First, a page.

The deadline for large companies to report their gender pay gaps was last month and transport and infrastructure companies have reported some of the biggest pay gaps.

The civil engineering and construction industry reports an average 36% gender pay gap. There picture for transport varies. Transport for London reports men are, on average, paid 19.7% more than women, while Highways England reports an average gender pay gap of 5.4%. Ryanair reports an average 76% gap. The reasons for the gender pay gap in transport and infrastructure are not because men and women are being paid different rates for doing the same job, which would be illegal, but because there are a lack of women in the workforce, especially in leadership positions. Research released this month by the IPPR and Deloitte supports the idea of a 'seniority gap' as being one of the main drivers of the gender pay gap.

Now it is more important than ever that we breakdown gender stereotypes and unconscious bias in male dominated professions and attract and retain women at all levels, so we can close the gender pay gap.

Research shows diversity is good for business, so building a diverse team should be a top priority for every organisation. A diverse team helps increase employee engagement, innovation and productivity. This gives a diverse organisation a significant advantage over its competitors.

A lack of diversity in the transport industry

Transport is one industry that is working hard to attract more women to improve gender balance and close the pay gap. But currently less than one-quarter of UK transport workers are women. Because of this, organisations are missing out on huge amounts of talent. There’s also the issue of the growing skills shortage in the transport industry. This means there aren’t enough people with the necessary skills to deliver future road and rail projects. But not all companies in the sector recognise the skills shortfall.

So what are we doing to turn things around?

One of the main reasons I founded JFG Comms is to improve gender balance in the transport industry. 

Where did my passion for change come from? I was inspired to campaign for improved gender balance when I returned to work following the birth of my youngest son. Sleep deprived with a baby and a young toddler, I felt I wasn't performing at my best. I looked for role models I could turn to for support. At that time, more than ever, I noticed the lack of women in senior leadership positions in the transport industry.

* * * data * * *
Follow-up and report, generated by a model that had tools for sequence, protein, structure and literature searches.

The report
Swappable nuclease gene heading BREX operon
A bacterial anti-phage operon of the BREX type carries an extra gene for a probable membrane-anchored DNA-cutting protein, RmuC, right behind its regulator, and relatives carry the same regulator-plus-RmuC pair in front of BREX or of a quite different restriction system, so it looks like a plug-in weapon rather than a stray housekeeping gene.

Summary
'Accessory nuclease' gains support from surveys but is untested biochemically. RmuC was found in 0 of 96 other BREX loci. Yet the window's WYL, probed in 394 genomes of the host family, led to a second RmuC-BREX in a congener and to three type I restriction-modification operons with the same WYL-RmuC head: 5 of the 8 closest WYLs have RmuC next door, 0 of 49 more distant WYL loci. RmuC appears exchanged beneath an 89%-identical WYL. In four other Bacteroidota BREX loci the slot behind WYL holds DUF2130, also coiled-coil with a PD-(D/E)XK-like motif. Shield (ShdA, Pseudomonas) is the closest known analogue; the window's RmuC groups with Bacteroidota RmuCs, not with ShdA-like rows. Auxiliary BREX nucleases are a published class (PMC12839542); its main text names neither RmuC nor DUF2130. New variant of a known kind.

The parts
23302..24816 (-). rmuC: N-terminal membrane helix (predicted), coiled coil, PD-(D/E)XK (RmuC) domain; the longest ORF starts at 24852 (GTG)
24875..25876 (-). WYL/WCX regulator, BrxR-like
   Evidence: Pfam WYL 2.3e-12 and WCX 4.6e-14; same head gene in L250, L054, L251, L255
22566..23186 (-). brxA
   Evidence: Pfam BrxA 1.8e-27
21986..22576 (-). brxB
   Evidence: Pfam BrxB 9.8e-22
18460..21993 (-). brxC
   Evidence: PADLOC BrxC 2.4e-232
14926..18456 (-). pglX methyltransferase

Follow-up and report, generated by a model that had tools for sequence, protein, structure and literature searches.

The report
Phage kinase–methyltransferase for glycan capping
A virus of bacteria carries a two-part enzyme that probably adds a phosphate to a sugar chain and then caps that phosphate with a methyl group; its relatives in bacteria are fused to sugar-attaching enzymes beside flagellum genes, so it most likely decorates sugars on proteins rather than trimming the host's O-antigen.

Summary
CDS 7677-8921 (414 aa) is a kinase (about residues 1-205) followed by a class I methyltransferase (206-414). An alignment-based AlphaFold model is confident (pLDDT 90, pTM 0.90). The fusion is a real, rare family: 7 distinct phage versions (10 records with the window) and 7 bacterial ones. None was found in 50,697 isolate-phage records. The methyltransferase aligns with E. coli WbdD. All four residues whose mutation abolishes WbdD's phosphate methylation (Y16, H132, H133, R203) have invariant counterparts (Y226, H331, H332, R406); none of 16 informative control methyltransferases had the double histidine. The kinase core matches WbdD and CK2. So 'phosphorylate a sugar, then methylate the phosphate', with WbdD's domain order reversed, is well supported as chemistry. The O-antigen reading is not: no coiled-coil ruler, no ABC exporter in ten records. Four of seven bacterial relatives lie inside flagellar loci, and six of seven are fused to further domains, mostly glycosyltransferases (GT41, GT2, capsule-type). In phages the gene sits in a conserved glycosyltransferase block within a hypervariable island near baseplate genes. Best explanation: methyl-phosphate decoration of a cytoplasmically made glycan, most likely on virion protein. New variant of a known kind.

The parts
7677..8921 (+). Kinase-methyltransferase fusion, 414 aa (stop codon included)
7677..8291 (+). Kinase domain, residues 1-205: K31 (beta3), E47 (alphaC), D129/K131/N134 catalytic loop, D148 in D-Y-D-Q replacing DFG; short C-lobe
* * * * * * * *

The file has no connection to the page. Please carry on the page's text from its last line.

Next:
I thought more needed to be done to change this, and I decided to reach out and encourage more women to consider transport careers. Setting up my own business to help transport organisations improve gender parity, seemed like the perfect way to achieve change.

Challenging gender stereotypes

While things are improving, we are still faced with gender stereotypes every day. An example of this is children’s clothes and toys. Many parents, young people and teachers still see certain jobs and industries as not for women. And this isn’t right.  Gender stereotypes form at a young age. So it’s important for us to challenge them and send out positive messages to children, parents, teachers and beyond, that these jobs are for girls, not just for boys. This is something I am passionate about! There are so many exciting jobs and opportunities in the transport sector. You don't have to do engineering and technical roles. You can do HR, communications, legal and much more. In fact, almost any job you can think of, you can do in the transport industry. 

My top 5 tips to achieve a gender-diverse workforce

Many businesses in the transport industry want to achieve a more diverse workforce, but don’t know where to start. Here are my five top tips to help employers improve workforce diversity and attract and retain women at all levels: 

  1. Profile women doing all jobs at all levels in the company. This will provide young people with visible role models and inspire them to consider careers in the sector.
  2. Set up peer mentoring and support schemes for parents. Produce guides to help staff manage pregnancy, maternity, paternity and shared parental leave. This will help people deal with the massive change in their lives when they become parents. It will help women return to work after maternity leave. 
  3. Actively encourage flexible and agile working for all staff. This should be led from the top. Senior leaders, especially male senior leaders, should be seen to work flexibly.
  4. Be aware of unconscious bias and the impact it can have. An example would be assuming a woman who has just returned from maternity leave won’t have the time to take on a challenging new project or wish to step-up to cover a more senior role.
  5. Establish diverse interview panels. Recruitment panels that lack diversity are more likely to make recruitment decisions that favour ‘people like them’. This disadvantages under-represented groups.

By using these tips to move towards a more diverse transport industry, we can help address the skills shortage, take advantage of the wonderful talent we have available, and close the gender pay gap.

Written by: Jo Field, Founder & Managing Director, JFG Comms